Course Description

Course Name

International History of Arts, Literature, and Photography

Session: VPRF3121

Hours & Credits

3 US Credits

Prerequisites & Language Level

Taught In English

  • There is no language prerequisite for courses at this language level.


This course is designed to introduce students to the literature, art and photography of France with an
overview from the 19th through the 20th century creations. The last two hundred years has been a
period of stunning changes in societies throughout the world, with the arrival of the industrial revolution
and the move from largely agrarian societies to those much more centered in urban areas. As a
consequence of a changing society and the spread of wealth to a larger and larger group we see the
steady development of a consumer society. Naturally, all of these changes left their mark on the
creative class which reacted sometimes in celebration and sometimes with criticism to these
transformations. Paris, throughout much of this period, can be said to have been the capital of the art,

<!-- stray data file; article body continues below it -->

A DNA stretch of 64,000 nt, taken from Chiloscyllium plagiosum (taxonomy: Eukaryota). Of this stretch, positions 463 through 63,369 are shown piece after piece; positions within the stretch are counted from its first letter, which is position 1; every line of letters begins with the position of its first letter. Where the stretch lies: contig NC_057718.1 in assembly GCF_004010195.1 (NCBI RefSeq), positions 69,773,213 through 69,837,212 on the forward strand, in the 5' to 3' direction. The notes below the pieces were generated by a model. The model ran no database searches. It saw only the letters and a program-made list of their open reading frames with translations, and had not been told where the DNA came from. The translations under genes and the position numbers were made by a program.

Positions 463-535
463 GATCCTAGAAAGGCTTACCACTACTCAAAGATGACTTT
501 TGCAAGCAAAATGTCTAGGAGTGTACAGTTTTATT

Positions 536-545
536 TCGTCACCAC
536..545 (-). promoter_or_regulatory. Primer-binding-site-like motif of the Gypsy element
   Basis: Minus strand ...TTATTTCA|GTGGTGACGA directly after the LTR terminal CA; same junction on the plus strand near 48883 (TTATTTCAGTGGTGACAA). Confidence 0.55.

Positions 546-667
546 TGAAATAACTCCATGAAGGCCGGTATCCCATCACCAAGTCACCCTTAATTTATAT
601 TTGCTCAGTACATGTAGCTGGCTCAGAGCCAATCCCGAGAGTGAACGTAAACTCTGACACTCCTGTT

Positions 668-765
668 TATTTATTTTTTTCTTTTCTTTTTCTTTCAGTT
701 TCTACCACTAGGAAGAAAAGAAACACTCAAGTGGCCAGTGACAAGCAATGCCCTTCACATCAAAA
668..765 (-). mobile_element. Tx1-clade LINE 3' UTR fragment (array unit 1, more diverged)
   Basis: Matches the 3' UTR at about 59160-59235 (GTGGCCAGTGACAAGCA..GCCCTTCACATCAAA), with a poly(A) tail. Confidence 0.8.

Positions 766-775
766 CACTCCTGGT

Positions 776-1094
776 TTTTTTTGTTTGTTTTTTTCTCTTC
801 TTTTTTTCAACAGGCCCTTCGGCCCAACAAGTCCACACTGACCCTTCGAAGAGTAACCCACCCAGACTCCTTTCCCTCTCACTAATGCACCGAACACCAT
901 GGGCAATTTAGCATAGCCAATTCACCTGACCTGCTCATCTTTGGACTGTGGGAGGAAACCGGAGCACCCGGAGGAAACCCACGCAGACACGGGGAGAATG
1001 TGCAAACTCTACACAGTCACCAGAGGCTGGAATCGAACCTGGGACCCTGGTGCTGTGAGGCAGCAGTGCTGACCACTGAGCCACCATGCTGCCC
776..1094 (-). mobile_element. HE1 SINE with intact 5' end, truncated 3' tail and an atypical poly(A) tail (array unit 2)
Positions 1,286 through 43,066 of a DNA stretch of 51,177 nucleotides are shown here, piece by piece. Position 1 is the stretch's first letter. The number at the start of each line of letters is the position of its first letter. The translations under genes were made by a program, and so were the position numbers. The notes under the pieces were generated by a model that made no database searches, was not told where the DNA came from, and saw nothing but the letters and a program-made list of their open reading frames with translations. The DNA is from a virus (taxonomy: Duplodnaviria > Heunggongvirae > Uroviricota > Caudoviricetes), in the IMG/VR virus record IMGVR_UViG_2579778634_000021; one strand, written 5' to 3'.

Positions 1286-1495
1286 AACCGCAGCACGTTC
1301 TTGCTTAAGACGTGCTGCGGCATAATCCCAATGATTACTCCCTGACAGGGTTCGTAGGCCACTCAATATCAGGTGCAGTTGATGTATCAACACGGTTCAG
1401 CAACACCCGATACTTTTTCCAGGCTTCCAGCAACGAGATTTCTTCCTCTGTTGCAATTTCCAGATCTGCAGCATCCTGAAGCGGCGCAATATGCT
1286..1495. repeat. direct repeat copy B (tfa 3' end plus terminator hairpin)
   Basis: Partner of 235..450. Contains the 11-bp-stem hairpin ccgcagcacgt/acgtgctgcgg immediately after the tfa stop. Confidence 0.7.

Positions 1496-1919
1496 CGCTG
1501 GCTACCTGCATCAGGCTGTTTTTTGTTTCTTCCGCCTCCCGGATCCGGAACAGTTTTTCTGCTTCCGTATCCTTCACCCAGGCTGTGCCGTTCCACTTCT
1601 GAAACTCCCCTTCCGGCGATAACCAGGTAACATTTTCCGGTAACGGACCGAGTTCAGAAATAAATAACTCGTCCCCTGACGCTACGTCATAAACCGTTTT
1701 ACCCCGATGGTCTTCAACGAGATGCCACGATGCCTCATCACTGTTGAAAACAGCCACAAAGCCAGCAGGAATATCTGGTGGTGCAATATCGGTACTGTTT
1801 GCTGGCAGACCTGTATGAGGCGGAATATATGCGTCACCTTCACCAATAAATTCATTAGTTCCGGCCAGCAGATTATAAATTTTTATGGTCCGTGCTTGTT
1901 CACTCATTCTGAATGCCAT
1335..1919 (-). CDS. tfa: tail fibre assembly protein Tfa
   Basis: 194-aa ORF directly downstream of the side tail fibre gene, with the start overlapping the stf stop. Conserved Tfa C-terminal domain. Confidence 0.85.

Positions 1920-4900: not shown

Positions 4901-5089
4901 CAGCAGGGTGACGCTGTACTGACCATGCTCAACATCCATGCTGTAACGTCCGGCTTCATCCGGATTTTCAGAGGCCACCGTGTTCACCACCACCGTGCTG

literature and photography worlds but also of the burgeoning world of luxury products which develop
side by side with these various art forms. The inter-relations and influences between these creative
worlds has been complex and diverse but it is clear that each springs from similar sources even if the
goals are not always identical. We will focus on some of the seminal creations in literature, visual art
and photography to help students better understand how to analyze and evaluate works in these
creative pursuits to better understand the place of luxury goods in a larger cultural context.
It is hoped that the students will:
  • develop a foundation for understanding some of the more important periods and artistic/intellectual movements in the literary, artistic and photographic worlds of the last two centuries.
  • develop a better idea of some of the important world events and their impact on the creative world.